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February 1, 2002

Rowan "bolts on" manufacturing capabilities
Rowan Companies, Inc. said today that its wholly-owned Rowan Electric, Inc.unit had completed the purchase of certain assets of Oilfield-Electric-Marine, Inc. and Industrial Logic Systems, Inc., for a price of approximately $8 million in Rowan common stock.

Oilfield-Electric-Marine manufactures variable speed AC motors and variable frequency drive systems, DC motors and drive systems, and consoles for marine boats and lay barges, the oil and gas drilling industry, and the mining and dredging industries. Oilfield-Electric-Marine also manufactures medium voltage switchgear from 5KV through 38KV for the industrial and petrochemical markets.

Rowan chairman and CEO Bob Palmer called the acquisition a "bolt-on" addition to the company's manufacturing capabilities that would "increase the profitability of our manufacturing division, broaden our customer base, and expand our product line."

Palmer said that Kevin R. Williams, president of Oilfield-Electric-Marine, Inc., would continue his involvement with product design, development and marketing as President of Rowan Electric, Inc. dba Oilfield-Electric-Marine.

More vessel calls at U.S. ports
The Maritime Administration (MARAD) has released a new annual publication, entitled Vessel Calls at U.S. Ports - 2000.

The report brings together data on vessel capacity and the number of vessels calling at major U.S. ports, by major vessel type, size and age.

The report highlights, for example, that 48 percent of the active world fleet called at a U.S. port during 2000, and that the top 20 U.S. ports accounted for 77 percent of the overall vessel capacity calling at U.S. ports. (The top 5 accounted for 49 percent.) .

Overall, the average size of vessels calling at U.S. ports was 14 percent larger than the world fleet average.

For the period 1998 to 2000, calls at U.S. ports by vehicle carriers increased by 46 percent, reflecting both an increase in U.S. vehicle imports and higher call frequencies.

Containership calls at U.S. ports increased by 6 percent from 1998 to 2000, but containership capacity calling at U.S. ports increased by 12 percent, reflecting an increase in average vessel size.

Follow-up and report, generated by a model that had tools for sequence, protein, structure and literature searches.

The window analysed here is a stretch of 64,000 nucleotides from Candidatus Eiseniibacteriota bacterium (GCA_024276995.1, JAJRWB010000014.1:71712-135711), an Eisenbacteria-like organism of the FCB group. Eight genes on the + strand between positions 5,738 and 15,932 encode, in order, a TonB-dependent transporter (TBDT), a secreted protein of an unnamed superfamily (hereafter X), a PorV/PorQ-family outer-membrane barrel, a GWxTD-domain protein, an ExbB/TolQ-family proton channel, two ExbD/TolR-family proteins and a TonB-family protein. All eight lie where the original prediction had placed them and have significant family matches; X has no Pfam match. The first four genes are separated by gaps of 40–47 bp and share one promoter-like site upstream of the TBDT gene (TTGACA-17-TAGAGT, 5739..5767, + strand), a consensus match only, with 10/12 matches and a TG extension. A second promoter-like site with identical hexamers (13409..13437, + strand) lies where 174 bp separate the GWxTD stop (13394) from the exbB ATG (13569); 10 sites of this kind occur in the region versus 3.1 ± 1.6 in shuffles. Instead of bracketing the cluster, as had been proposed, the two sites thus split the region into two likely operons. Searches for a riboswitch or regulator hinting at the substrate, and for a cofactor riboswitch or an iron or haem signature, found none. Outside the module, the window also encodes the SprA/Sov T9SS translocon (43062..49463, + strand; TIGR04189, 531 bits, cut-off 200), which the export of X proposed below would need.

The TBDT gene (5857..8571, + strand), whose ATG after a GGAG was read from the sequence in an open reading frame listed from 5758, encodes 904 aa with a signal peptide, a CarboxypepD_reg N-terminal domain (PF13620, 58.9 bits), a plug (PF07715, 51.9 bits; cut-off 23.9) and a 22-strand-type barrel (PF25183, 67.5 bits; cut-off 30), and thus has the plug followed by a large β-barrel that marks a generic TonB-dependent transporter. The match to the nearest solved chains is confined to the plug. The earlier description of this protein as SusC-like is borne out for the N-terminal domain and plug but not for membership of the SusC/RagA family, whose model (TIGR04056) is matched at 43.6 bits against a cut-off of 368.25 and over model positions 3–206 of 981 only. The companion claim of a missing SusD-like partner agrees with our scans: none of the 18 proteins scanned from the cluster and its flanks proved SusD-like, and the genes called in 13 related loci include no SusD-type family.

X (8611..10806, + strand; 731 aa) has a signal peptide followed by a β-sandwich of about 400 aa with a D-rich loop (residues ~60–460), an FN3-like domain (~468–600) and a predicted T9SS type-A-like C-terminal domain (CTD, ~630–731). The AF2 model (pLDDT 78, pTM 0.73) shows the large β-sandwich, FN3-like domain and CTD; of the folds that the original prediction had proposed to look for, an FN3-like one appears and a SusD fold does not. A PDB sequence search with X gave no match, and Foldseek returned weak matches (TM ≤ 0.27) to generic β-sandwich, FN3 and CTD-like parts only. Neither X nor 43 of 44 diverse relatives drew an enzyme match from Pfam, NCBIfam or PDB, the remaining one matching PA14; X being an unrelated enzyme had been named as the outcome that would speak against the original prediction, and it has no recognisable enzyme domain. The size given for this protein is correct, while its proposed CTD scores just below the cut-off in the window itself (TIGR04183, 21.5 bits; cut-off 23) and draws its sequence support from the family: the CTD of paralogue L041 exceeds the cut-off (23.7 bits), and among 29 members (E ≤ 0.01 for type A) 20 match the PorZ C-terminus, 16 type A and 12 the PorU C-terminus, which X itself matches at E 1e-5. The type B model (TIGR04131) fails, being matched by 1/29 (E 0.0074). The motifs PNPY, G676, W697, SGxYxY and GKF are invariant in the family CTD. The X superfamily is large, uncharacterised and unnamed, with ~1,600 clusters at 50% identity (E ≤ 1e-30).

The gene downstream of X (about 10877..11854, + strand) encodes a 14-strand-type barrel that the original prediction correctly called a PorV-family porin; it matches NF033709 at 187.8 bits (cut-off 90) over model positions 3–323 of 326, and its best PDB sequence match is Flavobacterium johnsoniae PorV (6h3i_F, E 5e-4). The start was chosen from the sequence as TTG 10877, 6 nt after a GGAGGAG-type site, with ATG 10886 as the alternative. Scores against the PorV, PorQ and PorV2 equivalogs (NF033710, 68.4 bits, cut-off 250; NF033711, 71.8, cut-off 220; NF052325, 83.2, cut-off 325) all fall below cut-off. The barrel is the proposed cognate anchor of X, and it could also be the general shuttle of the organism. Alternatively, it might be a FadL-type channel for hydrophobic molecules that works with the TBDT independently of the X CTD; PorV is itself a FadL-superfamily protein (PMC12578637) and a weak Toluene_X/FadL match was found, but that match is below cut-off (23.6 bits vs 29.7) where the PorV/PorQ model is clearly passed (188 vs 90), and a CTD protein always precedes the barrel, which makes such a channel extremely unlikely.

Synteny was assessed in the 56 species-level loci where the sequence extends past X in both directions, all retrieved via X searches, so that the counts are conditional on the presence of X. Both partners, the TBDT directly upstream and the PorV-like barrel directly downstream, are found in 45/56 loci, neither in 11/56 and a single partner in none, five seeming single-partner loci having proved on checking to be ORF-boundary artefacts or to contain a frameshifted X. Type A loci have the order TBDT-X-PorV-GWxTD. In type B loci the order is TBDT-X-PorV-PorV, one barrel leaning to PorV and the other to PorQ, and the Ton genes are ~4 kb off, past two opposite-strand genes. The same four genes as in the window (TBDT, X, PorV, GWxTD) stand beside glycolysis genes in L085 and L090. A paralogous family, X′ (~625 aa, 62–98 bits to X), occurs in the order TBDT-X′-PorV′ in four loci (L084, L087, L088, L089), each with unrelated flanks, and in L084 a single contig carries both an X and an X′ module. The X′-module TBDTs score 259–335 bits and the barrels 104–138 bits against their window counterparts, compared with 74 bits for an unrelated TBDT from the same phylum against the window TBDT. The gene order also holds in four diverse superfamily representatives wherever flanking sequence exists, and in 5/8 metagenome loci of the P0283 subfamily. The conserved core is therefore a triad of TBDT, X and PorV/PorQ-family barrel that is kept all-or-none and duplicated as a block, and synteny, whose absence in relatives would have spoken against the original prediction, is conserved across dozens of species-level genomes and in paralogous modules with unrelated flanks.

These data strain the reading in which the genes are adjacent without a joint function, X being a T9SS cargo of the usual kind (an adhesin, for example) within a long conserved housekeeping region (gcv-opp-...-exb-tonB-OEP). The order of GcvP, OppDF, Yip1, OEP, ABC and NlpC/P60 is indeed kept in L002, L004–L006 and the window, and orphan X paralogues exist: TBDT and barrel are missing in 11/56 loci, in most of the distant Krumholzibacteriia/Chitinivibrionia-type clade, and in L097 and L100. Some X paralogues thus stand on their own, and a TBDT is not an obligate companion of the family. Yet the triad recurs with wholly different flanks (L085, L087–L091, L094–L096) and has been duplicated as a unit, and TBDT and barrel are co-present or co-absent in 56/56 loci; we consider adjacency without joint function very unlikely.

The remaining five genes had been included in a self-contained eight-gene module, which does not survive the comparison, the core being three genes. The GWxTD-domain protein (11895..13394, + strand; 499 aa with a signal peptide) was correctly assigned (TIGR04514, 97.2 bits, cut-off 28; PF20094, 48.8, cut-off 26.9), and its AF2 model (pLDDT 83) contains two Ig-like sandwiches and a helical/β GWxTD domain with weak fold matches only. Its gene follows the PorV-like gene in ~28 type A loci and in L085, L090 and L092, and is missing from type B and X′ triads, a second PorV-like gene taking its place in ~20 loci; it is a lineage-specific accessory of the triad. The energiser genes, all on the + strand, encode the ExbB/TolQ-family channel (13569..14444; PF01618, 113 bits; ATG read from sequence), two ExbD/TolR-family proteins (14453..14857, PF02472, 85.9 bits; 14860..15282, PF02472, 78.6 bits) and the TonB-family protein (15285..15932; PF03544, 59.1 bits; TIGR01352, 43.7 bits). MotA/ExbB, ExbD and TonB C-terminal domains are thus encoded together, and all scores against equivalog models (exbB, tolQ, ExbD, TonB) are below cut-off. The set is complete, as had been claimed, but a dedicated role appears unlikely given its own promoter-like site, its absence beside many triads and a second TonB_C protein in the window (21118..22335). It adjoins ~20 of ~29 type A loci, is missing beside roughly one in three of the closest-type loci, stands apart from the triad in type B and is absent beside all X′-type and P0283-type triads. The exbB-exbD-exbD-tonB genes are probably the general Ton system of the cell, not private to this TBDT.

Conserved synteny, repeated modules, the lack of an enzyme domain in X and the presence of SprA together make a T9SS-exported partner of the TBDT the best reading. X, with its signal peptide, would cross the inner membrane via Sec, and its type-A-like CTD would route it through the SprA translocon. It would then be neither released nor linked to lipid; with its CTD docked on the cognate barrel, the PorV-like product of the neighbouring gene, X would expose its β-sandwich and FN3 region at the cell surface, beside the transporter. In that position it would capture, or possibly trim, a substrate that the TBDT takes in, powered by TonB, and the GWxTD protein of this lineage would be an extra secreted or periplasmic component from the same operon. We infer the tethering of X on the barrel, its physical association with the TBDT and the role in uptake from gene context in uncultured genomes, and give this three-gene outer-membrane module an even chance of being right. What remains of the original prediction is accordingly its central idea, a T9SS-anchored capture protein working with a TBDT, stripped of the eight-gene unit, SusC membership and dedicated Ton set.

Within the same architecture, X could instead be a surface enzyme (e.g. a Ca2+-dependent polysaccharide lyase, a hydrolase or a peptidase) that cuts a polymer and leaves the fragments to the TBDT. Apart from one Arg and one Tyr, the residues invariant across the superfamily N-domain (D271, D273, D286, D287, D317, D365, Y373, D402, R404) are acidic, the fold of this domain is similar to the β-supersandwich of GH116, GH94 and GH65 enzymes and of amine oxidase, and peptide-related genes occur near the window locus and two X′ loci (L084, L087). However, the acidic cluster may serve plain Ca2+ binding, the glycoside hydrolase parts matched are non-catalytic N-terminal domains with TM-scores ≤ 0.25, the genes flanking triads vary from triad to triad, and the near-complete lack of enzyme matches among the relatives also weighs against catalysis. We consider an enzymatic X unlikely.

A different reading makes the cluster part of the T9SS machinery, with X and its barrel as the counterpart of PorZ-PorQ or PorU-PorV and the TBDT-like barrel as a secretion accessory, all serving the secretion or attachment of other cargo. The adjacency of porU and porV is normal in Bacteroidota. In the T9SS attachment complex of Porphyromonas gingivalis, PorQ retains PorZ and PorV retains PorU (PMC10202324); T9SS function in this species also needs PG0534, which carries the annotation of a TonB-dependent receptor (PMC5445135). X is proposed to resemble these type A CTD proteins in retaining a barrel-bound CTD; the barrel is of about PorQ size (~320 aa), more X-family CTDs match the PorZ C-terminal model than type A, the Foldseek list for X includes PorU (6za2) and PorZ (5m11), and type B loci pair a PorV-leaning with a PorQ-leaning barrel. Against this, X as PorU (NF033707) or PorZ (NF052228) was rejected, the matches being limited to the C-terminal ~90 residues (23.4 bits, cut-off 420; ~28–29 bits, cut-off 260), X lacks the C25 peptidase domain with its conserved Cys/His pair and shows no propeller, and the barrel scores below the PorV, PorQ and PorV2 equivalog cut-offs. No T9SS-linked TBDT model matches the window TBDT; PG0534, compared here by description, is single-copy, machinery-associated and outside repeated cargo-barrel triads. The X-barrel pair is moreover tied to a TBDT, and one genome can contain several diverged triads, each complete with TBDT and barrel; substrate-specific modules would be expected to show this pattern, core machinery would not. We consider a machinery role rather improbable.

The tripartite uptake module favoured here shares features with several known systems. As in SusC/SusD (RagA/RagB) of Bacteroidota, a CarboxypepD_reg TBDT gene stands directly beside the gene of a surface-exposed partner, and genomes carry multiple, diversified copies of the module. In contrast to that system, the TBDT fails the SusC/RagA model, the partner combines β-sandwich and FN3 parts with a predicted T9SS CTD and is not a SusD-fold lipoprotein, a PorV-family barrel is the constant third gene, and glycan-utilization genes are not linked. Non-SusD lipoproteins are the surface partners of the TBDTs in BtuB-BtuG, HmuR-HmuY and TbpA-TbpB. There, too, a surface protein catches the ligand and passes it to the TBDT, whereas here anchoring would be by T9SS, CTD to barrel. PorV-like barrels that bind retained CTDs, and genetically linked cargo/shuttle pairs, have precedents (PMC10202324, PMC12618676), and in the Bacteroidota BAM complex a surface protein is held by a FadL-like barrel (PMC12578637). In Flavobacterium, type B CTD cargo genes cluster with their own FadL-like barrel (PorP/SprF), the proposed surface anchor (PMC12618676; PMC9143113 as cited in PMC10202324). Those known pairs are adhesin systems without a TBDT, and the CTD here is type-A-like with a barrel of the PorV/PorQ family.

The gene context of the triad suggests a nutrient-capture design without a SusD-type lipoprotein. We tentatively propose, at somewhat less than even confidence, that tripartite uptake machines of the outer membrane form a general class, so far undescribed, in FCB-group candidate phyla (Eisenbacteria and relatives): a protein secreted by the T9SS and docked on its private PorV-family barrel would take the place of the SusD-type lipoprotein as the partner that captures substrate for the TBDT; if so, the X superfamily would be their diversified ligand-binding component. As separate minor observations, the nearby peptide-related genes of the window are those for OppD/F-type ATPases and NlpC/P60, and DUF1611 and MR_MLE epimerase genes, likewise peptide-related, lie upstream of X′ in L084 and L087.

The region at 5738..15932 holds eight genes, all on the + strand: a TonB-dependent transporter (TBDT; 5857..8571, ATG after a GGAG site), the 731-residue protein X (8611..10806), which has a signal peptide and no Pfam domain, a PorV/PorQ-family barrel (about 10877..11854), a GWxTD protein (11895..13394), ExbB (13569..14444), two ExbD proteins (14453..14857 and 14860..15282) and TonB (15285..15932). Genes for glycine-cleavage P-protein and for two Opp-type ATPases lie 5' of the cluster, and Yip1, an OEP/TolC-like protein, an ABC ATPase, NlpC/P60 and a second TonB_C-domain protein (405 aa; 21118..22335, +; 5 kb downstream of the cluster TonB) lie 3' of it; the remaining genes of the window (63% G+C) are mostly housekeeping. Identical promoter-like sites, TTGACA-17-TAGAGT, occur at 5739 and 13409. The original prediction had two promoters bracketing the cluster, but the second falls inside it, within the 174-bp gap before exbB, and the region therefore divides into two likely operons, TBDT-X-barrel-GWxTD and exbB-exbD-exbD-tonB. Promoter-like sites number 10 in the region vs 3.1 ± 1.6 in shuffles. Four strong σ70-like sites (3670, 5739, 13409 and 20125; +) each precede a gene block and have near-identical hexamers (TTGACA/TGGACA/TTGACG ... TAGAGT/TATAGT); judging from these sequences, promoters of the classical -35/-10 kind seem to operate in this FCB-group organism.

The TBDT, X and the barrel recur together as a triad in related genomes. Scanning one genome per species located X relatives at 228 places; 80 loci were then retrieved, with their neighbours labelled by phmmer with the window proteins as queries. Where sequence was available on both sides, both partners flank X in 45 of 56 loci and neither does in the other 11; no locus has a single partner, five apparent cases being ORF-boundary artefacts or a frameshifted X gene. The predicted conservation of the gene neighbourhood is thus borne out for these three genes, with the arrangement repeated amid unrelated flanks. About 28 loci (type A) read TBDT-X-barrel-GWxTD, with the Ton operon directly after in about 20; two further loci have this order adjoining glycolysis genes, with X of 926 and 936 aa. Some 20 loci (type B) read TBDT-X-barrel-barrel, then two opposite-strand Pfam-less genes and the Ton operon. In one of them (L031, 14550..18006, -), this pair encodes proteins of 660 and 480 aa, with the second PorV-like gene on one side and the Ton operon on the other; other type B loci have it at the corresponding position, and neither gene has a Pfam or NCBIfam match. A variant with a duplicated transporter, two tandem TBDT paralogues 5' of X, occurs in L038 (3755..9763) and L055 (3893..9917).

For copies of the report go to http://www.marad.dot.gov, under Publications & Statistics, follow link to Port Statistics.

HAL set to take back Patriot?
It looks like Carnival Corporation will reabsorb the Patriot into its Holland America operation.

The former Nieuw Amstderdam was reflagged and transferred to American Classic Voyages to jump start its "United States Line" operation in Hawaii, pending construction of the Project America ships at Ingalls. When AMCV went belly up, Carnival got the problem of what to do with a U.S.-flag cruise ship.

Now the Maritime Administration (MARAD) has given approval to Ocean Ship Company, Chicago, IL to sell and transfer the 33,930-deadweight-ton passenger vessel to Bahamian or Netherlands Antilles registry and flag. The proposed purchaser is Hal Antillen N.V.

The vessel was built in 1983 in Nazaire, France.

MARAD's approval is required under section 9 of the Shipping Act, 1916, as amended.

Coast Guard names Director of Intelligence
The United States Coast Guard has named Frances Fragos-Townsend its Director of Intelligence.  In this position, Ms. Fragos-Townsend leads the service’s Intelligence Directorate, the Intelligence Coordination Center and acts as Program Manager for the Coast Guard’s national intelligence effort.  She is charged with enhancing inter-agency and maritime awareness in the war on terrorism.

“The Coast Guard is widely respected by our intelligence, military and law enforcement partners for our multi-mission maritime capabilities,” said Fragos-Townsend.  “Those partnerships and robust information sharing between agencies are key to our long term homeland security mission.”

According to Fragos-Townsend, one of her first goals is to work with Coast Guard leadership and Area Commanders to establish intelligence priorities that will serve to enhance maritime operations.

Before joining the Coast Guard, Fragos-Townsend spent thirteen years with the Department of Justice.  Most recently, she served as the Counsel for Intelligence Policy reporting directly to the Attorney General.  In that role, Fragos-Townsend was responsible for national security matters and facilitating the U.S. government’s activities pursuant to the Foreign Intelligence Surveillance Act.

“Having a person with Ms. Fragos-Townsend’s qualifications join the Coast Guard is an asset to the service and the U.S. Department of Transportation,” said Vice Admiral Timothy W. Josiah, U.S. Coast Guard Chief of Staff.  “Her knowledge and experience are crucial in strengthening relationships within the intelligence community to combat terrorism, drug trafficking, and migrant interdiction.” 

Fragos-Townsend holds a law degree from the University of San Diego School of Law, and a Bachelor’s of Arts in Political Science and Bachelors of Science in Psychology from American University.  She also attended Harvard University’s Kennedy School of Government and the University of San Diego’s Institute on International and Comparative Law in London, England.